Having a driver’s license is a privilege, and that privilege can be suspended or revoked. However, it must be within your rights. As a driver, you have certain rights that have to be upheld and protected. One of those rights is protection against wrongful traffic stops. Police need a reason to pull you over. Every traffic stop, even those for drunk driving, must be done because of reasonable suspicion. Police officers must have reasonable suspicion that the law is being violated before pulling someone over.
The basis for reasonable suspicion or probable cause range from traffic violations to malfunctioning tail lights. However, a police officer cannot legally pull you over on a whim. In New Hampshire, the supreme court ruled that “reasonable suspicion must be more than a hunch, and the articulated facts must lead somewhere specific, not just a general sense that “this is probably a person who may have committed some kind of crime.” Therefore, if an officer doesn’t have a valid reason for pulling someone over, it may be considered illegal, unconstitutional, and inadmissible in court.
Police officers are trained to identify signs of impaired driving that can constitute reasonable suspicion. Some signs they look out for include:
Numerous behaviors may indicate that someone is driving under the influence, which constitutes reasonable suspicion. An officer can pull you over for any traffic violation, and if they suspect you’re drunk driving, they can ask you to take a sobriety test.
Probable cause is when there is evidence that a crime has likely occurred. During a DUI stop, the criteria for a probable cause include:
Reasonable suspicion allows an officer to stop and detain a motorist. Once they have stopped the individual, they must meet a higher standard of “probable cause” before arresting a suspected drunk driver. Meeting the standard of probable cause means obtaining evidence that a reasonable person would believe that a crime has been committed.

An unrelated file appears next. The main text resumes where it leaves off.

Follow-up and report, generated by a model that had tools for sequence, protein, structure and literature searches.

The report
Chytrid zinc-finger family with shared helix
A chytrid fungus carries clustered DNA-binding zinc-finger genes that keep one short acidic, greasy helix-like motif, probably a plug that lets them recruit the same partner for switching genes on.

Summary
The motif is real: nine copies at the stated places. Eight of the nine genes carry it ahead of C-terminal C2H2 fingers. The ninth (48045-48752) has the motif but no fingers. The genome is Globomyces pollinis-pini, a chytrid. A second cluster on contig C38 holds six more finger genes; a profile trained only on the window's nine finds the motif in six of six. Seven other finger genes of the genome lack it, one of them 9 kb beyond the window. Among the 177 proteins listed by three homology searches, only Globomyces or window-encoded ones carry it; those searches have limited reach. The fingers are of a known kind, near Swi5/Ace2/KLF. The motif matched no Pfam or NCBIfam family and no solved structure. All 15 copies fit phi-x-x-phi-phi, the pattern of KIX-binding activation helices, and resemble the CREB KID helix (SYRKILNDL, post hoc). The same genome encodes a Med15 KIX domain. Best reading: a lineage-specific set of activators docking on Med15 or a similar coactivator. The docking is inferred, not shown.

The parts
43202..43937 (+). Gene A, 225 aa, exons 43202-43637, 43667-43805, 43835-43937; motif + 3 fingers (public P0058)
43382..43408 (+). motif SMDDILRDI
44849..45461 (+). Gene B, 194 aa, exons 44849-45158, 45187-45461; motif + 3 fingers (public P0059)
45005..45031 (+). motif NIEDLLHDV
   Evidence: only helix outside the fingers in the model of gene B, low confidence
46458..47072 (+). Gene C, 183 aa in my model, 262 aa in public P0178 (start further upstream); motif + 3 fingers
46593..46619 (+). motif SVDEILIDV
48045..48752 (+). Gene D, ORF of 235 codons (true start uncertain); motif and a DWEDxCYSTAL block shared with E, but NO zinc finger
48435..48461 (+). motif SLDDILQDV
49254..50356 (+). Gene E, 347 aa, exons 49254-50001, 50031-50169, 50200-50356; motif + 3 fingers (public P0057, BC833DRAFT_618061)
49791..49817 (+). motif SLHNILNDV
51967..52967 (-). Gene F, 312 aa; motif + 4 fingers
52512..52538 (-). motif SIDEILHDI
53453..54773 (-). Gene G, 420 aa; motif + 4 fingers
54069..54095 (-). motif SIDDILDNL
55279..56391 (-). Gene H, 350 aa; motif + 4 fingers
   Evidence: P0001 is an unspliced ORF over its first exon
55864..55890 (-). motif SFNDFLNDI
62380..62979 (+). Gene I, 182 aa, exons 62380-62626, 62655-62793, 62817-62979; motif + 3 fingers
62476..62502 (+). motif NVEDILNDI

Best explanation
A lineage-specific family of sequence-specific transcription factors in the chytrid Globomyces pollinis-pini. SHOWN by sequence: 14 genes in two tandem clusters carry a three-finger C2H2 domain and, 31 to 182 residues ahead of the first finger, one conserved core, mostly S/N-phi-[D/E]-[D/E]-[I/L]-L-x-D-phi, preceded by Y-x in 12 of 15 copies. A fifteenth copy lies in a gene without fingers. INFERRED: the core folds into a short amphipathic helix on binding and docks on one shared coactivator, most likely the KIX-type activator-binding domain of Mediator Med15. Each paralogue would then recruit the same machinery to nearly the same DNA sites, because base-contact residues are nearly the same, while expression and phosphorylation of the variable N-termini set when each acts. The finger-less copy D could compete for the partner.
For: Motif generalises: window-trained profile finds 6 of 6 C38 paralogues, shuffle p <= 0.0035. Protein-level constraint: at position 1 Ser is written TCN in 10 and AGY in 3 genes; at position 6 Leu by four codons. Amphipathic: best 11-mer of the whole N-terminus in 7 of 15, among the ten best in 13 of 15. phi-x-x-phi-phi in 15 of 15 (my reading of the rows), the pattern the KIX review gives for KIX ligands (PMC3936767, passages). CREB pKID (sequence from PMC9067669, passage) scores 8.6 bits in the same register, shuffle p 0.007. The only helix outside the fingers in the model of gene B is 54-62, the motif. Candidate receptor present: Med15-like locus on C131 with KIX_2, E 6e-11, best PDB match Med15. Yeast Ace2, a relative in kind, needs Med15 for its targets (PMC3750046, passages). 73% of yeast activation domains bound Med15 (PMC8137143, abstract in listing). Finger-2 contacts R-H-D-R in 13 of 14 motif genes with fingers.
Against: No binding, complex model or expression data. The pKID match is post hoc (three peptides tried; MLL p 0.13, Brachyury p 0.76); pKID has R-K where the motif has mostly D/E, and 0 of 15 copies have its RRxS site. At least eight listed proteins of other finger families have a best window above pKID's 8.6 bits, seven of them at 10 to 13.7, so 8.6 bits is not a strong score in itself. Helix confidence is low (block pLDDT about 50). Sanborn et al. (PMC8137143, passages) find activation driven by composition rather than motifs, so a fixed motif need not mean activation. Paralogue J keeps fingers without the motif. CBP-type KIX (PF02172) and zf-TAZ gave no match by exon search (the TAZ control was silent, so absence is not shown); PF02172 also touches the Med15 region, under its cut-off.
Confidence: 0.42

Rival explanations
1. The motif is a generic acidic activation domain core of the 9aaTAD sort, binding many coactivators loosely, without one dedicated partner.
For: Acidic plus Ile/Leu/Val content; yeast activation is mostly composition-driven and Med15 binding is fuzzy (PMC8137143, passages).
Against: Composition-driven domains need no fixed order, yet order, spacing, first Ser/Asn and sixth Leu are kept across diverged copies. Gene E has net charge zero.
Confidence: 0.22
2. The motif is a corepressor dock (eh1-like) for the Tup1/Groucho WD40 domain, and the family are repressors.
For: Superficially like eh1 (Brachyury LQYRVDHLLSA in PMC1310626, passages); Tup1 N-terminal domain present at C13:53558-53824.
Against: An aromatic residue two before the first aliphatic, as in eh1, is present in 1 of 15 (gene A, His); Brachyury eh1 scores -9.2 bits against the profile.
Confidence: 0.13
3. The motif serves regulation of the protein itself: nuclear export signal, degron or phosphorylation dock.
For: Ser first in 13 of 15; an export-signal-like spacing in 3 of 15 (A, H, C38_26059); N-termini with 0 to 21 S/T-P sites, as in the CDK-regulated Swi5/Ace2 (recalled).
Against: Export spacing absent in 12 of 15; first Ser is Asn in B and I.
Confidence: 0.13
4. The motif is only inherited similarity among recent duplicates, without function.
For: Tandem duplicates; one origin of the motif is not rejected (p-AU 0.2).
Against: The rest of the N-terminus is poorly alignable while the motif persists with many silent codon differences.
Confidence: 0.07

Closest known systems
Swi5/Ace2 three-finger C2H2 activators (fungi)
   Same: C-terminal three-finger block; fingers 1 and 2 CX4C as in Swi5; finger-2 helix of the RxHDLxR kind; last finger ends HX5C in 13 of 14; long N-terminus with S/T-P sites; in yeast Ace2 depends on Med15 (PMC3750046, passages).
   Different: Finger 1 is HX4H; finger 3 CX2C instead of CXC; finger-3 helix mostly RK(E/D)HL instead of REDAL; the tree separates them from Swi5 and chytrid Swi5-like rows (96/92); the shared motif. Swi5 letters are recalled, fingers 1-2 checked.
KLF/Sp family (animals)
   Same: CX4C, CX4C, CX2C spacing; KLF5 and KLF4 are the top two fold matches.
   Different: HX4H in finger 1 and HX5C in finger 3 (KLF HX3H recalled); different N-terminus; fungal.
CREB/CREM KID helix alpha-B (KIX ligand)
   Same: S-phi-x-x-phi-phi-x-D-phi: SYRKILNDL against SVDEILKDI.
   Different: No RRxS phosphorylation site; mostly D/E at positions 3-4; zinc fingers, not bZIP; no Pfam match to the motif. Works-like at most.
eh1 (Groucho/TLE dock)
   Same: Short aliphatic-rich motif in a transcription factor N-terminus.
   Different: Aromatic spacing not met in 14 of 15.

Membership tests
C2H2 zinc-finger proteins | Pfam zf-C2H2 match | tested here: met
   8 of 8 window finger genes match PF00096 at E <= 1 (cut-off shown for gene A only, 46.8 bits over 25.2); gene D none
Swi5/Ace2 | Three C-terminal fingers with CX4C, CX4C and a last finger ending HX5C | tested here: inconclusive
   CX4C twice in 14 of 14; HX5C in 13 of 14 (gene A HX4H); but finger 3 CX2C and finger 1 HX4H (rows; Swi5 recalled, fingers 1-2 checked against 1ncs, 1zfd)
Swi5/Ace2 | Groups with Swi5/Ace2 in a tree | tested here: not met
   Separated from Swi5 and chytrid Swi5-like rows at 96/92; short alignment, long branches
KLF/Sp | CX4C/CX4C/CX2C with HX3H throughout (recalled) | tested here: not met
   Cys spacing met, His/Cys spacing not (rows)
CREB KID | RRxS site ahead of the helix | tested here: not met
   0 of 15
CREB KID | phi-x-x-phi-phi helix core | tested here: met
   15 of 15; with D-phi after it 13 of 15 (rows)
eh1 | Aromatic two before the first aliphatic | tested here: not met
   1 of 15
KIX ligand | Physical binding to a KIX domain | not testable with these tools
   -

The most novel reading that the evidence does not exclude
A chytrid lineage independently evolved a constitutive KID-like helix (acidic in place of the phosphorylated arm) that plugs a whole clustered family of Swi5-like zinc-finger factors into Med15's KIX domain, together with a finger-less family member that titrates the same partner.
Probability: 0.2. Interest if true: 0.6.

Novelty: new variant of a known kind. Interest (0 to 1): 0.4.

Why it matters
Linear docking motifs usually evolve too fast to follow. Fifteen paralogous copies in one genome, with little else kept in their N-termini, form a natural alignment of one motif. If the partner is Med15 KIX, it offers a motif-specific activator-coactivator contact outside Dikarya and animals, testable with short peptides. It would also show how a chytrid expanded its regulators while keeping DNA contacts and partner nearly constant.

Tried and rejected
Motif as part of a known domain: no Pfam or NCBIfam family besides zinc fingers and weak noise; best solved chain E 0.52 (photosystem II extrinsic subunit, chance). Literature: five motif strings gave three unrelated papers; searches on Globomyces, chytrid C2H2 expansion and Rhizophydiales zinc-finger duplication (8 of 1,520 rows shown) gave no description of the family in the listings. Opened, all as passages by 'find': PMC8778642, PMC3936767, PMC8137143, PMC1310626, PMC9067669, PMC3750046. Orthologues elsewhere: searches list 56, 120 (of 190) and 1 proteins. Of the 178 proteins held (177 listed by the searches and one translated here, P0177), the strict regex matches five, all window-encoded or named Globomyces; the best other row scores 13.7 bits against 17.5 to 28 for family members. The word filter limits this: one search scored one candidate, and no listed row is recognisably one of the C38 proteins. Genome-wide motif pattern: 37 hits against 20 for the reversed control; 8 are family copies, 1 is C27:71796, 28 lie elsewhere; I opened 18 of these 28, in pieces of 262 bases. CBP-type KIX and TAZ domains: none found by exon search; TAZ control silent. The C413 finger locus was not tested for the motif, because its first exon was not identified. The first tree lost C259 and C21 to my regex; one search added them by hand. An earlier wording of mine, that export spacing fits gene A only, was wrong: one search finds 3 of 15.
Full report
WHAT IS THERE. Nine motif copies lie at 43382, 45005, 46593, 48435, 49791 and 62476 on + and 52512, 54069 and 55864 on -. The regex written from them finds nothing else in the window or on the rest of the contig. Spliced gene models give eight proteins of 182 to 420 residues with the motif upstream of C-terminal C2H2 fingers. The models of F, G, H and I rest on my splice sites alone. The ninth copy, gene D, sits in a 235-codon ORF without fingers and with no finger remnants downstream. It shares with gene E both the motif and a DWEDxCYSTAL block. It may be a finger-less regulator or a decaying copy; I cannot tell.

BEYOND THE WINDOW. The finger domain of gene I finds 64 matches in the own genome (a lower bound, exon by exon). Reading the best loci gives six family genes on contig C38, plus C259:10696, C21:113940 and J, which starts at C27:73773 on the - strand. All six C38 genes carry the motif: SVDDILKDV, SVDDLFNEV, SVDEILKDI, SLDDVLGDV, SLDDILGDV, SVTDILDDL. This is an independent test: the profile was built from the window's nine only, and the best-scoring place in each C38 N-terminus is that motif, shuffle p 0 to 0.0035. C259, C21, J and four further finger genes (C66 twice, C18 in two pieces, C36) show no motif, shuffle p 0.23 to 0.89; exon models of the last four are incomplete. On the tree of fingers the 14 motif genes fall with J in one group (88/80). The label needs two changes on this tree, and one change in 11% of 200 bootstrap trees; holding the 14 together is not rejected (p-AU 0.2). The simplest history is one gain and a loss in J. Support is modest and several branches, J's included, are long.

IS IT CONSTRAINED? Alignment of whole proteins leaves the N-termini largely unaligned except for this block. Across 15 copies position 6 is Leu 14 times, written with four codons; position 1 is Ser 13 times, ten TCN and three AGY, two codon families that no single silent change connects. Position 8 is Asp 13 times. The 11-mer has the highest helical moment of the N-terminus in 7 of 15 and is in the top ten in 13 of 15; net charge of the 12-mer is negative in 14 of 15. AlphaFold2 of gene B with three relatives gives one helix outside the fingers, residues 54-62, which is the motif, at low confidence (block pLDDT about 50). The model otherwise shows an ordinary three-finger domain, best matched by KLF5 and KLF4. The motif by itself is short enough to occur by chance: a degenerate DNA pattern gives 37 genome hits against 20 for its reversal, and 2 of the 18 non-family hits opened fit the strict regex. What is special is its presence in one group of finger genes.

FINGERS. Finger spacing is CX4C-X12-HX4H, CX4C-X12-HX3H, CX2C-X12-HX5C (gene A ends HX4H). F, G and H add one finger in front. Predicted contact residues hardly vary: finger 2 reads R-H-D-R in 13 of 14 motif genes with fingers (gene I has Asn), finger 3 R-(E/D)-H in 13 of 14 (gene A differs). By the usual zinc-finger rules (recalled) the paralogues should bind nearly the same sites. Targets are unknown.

Probable cause means that the officer has enough evidence to suggest that the driver has most likely committed a crime. Reasonable suspicion means that the officer has a reasonable indication that the driver might have committed a crime.
When the stop made by an officer can not be proven to be done under reasonable suspicion, the evidence obtained during the stop generally isn’t admissible in court. When an illegal stop or arrest is made, that often results in the evidence being thrown out and can lead to the charges being dropped.
However, having the evidence thrown out or for the charges to be dropped requires proving that the stop was, in fact, unconstitutional and that the suspected drunk driver had their rights violated. For this reason, it’s often imperative to have a skilled attorney review your case and investigate the traffic stop.
At Shepherd & Hayes, PLLC, our DUI attorneys utilize effective, aggressive strategies to help you avoid facing severe consequences for a drunk driving arrest. Our DUI defense attorneys have handled hundreds of DUI cases throughout New Hampshire and know what constitutes reasonable suspicion and probable cause. When those rights are violated, our attorneys know how to push back against prosecutors and achieve a favorable outcome for our clients. Contact our office today by calling (603) 233-1626 or filling out our contact form.